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Google Glass Prescription Lenses coming “in just a few weeks”

Google Glass Prescription Lenses coming “in just a few weeks”

This week the folks at Rochester Optical have sent out questionnaires for users of Google Glass that wish to upgrade their pair to prescription lenses. This is the next step in the evolution of Google Glass, allowing users who would otherwise be wearing glasses and the Glass headset to combine the two into one. Rochester Optical is, thus far, the one and only group to be joining Google in this effort.

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Google Glass real-time facial recognition arrives with “NameTag”

Google Glass real-time facial recognition arrives with “NameTag”

Since the first demonstration of the plausible future abilities of Google Glass, instant facial recognition has been one of the most exciting ideas in the pipeline. According the the development group Facial Network, the time for real-time facial recognition through Google Glass is coming a lot sooner than we originally expected. This isn't an app developed by Google, it's a 3rd party developer group - they've gone and done it first!

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Should I be ashamed of wearing Google Glass?

Should I be ashamed of wearing Google Glass?

I love new technology, and I love wearables, and I love Google Glass, but I can't wear it out in public. Google's head-mounted computer is gradually proliferating, as the company opens up its pyramid-scheme of invitations, but the numbers are still small, and though I appreciate the functionality Glass brings, I'm struggling to sport it out in the wild without extreme self-consciousness. As a geek among geeks in San Francisco, there should be nothing holding me back; as a vocal advocate of wearables, I ought to be flying the flag with my fifteen-hundred-dollar early-adopter beacon. So what's taking the gloss off Glass?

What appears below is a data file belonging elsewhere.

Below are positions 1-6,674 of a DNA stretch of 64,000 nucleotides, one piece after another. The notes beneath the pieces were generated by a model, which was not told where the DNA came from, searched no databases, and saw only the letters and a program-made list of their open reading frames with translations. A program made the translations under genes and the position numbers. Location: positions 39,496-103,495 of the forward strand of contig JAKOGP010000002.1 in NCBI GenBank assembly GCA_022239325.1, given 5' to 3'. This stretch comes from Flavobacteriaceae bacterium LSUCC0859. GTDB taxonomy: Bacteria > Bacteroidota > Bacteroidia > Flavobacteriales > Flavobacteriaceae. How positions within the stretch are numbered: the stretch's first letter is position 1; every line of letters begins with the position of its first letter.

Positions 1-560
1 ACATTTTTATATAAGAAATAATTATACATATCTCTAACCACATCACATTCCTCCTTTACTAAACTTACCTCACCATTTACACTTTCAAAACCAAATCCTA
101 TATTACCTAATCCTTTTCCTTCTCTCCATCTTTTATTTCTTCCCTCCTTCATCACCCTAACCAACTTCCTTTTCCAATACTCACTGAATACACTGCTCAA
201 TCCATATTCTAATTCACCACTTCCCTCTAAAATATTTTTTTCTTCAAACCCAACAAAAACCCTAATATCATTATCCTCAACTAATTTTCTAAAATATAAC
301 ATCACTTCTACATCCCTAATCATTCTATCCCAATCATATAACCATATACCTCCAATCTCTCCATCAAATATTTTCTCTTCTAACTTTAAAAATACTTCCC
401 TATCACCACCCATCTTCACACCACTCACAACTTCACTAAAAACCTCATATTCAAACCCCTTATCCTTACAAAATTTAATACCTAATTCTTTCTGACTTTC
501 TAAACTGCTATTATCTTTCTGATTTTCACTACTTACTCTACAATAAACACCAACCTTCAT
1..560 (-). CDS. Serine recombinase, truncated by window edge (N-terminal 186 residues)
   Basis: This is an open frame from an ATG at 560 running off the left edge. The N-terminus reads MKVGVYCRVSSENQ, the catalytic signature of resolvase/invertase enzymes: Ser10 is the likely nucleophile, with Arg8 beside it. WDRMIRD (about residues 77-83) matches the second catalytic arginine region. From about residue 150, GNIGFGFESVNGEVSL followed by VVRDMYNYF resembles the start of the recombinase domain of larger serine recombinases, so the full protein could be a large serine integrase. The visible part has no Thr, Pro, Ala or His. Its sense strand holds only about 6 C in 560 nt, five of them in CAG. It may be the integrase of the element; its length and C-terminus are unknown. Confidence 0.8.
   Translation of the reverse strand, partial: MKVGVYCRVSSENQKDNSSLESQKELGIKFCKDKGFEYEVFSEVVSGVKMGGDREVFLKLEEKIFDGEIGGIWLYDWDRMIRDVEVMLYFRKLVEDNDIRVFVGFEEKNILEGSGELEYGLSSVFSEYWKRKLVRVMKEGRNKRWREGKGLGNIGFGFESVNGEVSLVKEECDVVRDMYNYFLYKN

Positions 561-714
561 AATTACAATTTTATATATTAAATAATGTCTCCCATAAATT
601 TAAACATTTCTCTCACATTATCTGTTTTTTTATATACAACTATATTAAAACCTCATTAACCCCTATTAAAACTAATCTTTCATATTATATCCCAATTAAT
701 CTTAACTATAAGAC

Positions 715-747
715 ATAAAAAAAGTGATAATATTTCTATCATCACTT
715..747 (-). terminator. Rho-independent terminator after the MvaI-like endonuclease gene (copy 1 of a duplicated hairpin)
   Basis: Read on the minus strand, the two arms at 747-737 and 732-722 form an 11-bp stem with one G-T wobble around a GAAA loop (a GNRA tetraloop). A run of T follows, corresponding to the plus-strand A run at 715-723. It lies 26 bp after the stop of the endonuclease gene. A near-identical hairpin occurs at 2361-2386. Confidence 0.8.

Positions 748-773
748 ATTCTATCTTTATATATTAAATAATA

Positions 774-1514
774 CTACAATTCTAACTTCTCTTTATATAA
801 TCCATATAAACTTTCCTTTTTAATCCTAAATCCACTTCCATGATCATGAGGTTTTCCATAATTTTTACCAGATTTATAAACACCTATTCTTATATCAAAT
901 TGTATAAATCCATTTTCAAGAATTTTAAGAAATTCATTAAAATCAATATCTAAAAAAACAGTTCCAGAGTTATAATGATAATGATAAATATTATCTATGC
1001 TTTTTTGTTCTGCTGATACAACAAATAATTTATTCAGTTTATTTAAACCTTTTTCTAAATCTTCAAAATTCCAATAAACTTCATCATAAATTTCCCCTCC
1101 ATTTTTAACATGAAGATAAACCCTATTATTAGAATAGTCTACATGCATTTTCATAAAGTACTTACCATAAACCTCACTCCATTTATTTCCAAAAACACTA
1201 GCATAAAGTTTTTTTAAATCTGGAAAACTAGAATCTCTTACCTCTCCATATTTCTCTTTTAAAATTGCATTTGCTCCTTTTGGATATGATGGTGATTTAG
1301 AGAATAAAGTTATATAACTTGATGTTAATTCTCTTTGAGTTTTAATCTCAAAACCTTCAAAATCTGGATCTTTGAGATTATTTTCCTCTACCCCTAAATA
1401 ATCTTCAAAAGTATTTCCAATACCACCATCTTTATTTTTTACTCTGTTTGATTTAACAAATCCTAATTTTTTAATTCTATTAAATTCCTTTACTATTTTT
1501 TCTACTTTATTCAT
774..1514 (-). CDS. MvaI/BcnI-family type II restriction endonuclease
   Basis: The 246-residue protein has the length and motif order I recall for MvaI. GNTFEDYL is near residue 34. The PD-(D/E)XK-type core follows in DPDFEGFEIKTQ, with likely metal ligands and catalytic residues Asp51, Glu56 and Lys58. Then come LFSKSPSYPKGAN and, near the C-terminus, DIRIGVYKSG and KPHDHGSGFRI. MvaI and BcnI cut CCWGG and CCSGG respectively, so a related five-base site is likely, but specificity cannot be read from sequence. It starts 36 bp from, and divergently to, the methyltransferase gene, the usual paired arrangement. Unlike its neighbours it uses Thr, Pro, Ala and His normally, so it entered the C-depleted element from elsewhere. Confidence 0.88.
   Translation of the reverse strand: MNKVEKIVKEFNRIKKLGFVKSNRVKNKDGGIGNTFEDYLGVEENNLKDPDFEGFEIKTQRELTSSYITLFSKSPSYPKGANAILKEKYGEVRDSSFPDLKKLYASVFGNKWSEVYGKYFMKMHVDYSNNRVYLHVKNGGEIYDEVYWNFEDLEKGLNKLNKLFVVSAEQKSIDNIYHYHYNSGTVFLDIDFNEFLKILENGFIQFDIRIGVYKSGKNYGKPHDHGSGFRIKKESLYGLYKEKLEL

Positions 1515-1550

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MyGlass for iOS released (again) but lacks iMessage support

MyGlass for iOS released (again) but lacks iMessage support

Google has released the MyGlass for iOS app, giving iPhone users the same navigation and other functionality with the Glass headset as their Android counterparts have, after prematurely setting it wild earlier in the week. Whereas iPhone users would previously have to use the web-based interface to adjust their Glass settings, and did not get the same turn-by-turn directions support as with Android phones, the new app allows the wearable to access the iOS smartphone's GPS among other things.

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Google Glass Glassware apps stack up: Winkfeed, YouTube, Hangouts

Google Glass Glassware apps stack up: Winkfeed, YouTube, Hangouts

This week a collection of apps in the Glassware category have arrived for users of the Google Glass headset. This device is one that's currently still in a limited release mode, but having just entered a phase that just about edges up on the first full release of the machine, developers are taking hold. What we're seeing today is a set of 3 new apps and two new updates to previously solid apps.